N6-Methyladenine (6mA) DNA methylation has recently been implicated as a potential new epigenetic marker in eukaryotes, including the dicot model Arabidopsis thaliana. However, the conservation and divergence of 6mA distribution patterns and functions in plants remain elusive. Here we report high-quality 6mA methylomes at single-nucleotide resolution in rice based on substantially improved genome sequences of two rice cultivars, Nipponbare (Nip; Japonica) and 93-11 (Indica). Analysis of 6mA genomic distribution and its association with transcription suggest that 6mA distribution and function is rather conserved between rice and Arabidopsis. We found that 6mA levels are positively correlated with the expression of key stress-related genes, which may be responsible for the difference in stress tolerance between Nip and 93-11. Moreover, we showed that mutations in DDM1 cause defects in plant growth and decreased 6mA level. Our results reveal that 6mA is a conserved DNA modification that is positively associated with gene expression and contributes to key agronomic traits in plants. Copyright © 2018 The Author. Published by Elsevier Inc. All rights reserved.


September 21, 2019  |  

in silico Whole Genome Sequencer & Analyzer (iWGS): a computational pipeline to guide the design and analysis of de novo genome sequencing studies.

The availability of genomes across the tree of life is highly biased toward vertebrates, pathogens, human disease models, and organisms with relatively small and simple genomes. Recent progress in genomics has enabled the de novo decoding of the genome of virtually any organism, greatly expanding its potential for understanding the biology and evolution of the full spectrum of biodiversity. The increasing diversity of sequencing technologies, assays, and de novo assembly algorithms have augmented the complexity of de novo genome sequencing projects in non-model organisms. To reduce the costs and challenges in de novo genome sequencing projects and streamline their experimental design and analysis, we developed iWGS (in silico Whole Genome Sequencer and Analyzer), an automated pipeline for guiding the choice of appropriate sequencing strategy and assembly protocols. iWGS seamlessly integrates the four key steps of a de novo genome sequencing project: data generation (through simulation), data quality control, de novo assembly, and assembly evaluation and validation. The last three steps can also be applied to the analysis of real data. iWGS is designed to enable the user to have great flexibility in testing the range of experimental designs available for genome sequencing projects, and supports all major sequencing technologies and popular assembly tools. Three case studies illustrate how iWGS can guide the design of de novo genome sequencing projects and evaluate the performance of a wide variety of user-specified sequencing strategies and assembly protocols on genomes of differing architectures. iWGS, along with a detailed documentation, is freely available at https://github.com/zhouxiaofan1983/iWGS. Copyright © 2016 Author et al.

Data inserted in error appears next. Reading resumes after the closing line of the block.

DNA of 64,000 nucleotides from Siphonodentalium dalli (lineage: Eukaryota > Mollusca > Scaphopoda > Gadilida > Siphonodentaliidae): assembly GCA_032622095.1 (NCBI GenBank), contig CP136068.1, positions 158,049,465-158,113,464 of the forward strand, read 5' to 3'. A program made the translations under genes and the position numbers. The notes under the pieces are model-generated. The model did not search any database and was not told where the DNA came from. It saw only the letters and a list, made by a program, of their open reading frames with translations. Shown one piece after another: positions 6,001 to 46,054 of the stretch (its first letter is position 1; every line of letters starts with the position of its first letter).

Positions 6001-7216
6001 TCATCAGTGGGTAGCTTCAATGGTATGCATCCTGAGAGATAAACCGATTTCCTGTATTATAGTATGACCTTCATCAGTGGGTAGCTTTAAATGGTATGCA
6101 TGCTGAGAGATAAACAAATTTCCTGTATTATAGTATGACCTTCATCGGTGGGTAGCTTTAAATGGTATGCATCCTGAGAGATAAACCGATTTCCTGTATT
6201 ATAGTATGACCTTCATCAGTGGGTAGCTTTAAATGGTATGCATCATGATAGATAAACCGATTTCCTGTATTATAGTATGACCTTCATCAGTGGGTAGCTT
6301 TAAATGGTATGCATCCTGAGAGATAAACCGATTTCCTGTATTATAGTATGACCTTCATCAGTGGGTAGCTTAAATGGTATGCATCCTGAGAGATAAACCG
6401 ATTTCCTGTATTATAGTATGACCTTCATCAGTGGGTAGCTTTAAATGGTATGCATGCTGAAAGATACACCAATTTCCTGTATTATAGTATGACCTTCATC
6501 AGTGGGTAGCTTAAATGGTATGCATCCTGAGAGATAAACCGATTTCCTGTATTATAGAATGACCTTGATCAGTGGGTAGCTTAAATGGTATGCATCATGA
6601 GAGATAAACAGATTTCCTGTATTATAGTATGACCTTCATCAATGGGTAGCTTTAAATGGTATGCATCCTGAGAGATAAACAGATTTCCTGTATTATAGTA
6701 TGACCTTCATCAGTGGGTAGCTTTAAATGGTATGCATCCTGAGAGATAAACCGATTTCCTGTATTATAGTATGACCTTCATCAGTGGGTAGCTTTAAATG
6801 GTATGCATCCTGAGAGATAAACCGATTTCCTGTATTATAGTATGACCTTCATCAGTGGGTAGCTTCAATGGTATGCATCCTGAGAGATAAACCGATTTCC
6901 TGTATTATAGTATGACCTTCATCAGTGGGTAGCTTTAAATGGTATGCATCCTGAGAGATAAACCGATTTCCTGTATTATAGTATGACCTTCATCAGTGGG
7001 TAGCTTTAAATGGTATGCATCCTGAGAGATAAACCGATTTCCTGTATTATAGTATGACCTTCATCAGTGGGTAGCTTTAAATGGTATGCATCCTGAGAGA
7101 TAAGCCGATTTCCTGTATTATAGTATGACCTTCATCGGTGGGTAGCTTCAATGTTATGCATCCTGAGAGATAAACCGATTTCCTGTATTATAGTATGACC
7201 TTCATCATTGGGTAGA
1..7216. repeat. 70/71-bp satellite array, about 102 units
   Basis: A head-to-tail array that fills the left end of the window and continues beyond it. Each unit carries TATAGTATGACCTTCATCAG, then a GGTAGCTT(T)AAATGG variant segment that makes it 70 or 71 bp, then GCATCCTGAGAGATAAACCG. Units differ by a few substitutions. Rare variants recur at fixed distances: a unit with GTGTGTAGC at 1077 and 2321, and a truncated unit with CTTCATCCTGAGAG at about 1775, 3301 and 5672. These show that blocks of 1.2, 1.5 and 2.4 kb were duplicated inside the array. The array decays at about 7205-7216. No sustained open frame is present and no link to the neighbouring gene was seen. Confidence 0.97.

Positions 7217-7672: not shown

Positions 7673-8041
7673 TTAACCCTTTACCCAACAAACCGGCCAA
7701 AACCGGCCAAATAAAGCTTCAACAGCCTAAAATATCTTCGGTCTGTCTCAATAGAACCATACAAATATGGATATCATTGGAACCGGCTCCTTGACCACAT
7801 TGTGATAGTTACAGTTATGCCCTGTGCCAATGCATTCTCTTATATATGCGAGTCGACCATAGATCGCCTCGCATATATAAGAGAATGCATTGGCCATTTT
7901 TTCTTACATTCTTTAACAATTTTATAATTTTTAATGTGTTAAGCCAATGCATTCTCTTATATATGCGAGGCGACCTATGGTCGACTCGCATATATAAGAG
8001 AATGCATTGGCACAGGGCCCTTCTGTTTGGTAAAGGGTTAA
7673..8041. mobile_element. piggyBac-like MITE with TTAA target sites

September 21, 2019  |  

PacBio assembly of a Plasmodium knowlesi genome sequence with Hi-C correction and manual annotation of the SICAvar gene family.

Plasmodium knowlesi has risen in importance as a zoonotic parasite that has been causing regular episodes of malaria throughout South East Asia. The P. knowlesi genome sequence generated in 2008 highlighted and confirmed many similarities and differences in Plasmodium species, including a global view of several multigene families, such as the large SICAvar multigene family encoding the variant antigens known as the schizont-infected cell agglutination proteins. However, repetitive DNA sequences are the bane of any genome project, and this and other Plasmodium genome projects have not been immune to the gaps, rearrangements and other pitfalls created by these genomic features. Today, long-read PacBio and chromatin conformation technologies are overcoming such obstacles. Here, based on the use of these technologies, we present a highly refined de novo P. knowlesi genome sequence of the Pk1(A+) clone. This sequence and annotation, referred to as the ‘MaHPIC Pk genome sequence’, includes manual annotation of the SICAvar gene family with 136 full-length members categorized as type I or II. This sequence provides a framework that will permit a better understanding of the SICAvar repertoire, selective pressures acting on this gene family and mechanisms of antigenic variation in this species and other pathogens.


September 21, 2019  |  

Assembling large genomes with single-molecule sequencing and locality-sensitive hashing.

Long-read, single-molecule real-time (SMRT) sequencing is routinely used to finish microbial genomes, but available assembly methods have not scaled well to larger genomes. We introduce the MinHash Alignment Process (MHAP) for overlapping noisy, long reads using probabilistic, locality-sensitive hashing. Integrating MHAP with the Celera Assembler enabled reference-grade de novo assemblies of Saccharomyces cerevisiae, Arabidopsis thaliana, Drosophila melanogaster and a human hydatidiform mole cell line (CHM1) from SMRT sequencing. The resulting assemblies are highly continuous, include fully resolved chromosome arms and close persistent gaps in these reference genomes. Our assembly of D. melanogaster revealed previously unknown heterochromatic and telomeric transition sequences, and we assembled low-complexity sequences from CHM1 that fill gaps in the human GRCh38 reference. Using MHAP and the Celera Assembler, single-molecule sequencing can produce de novo near-complete eukaryotic assemblies that are 99.99% accurate when compared with available reference genomes.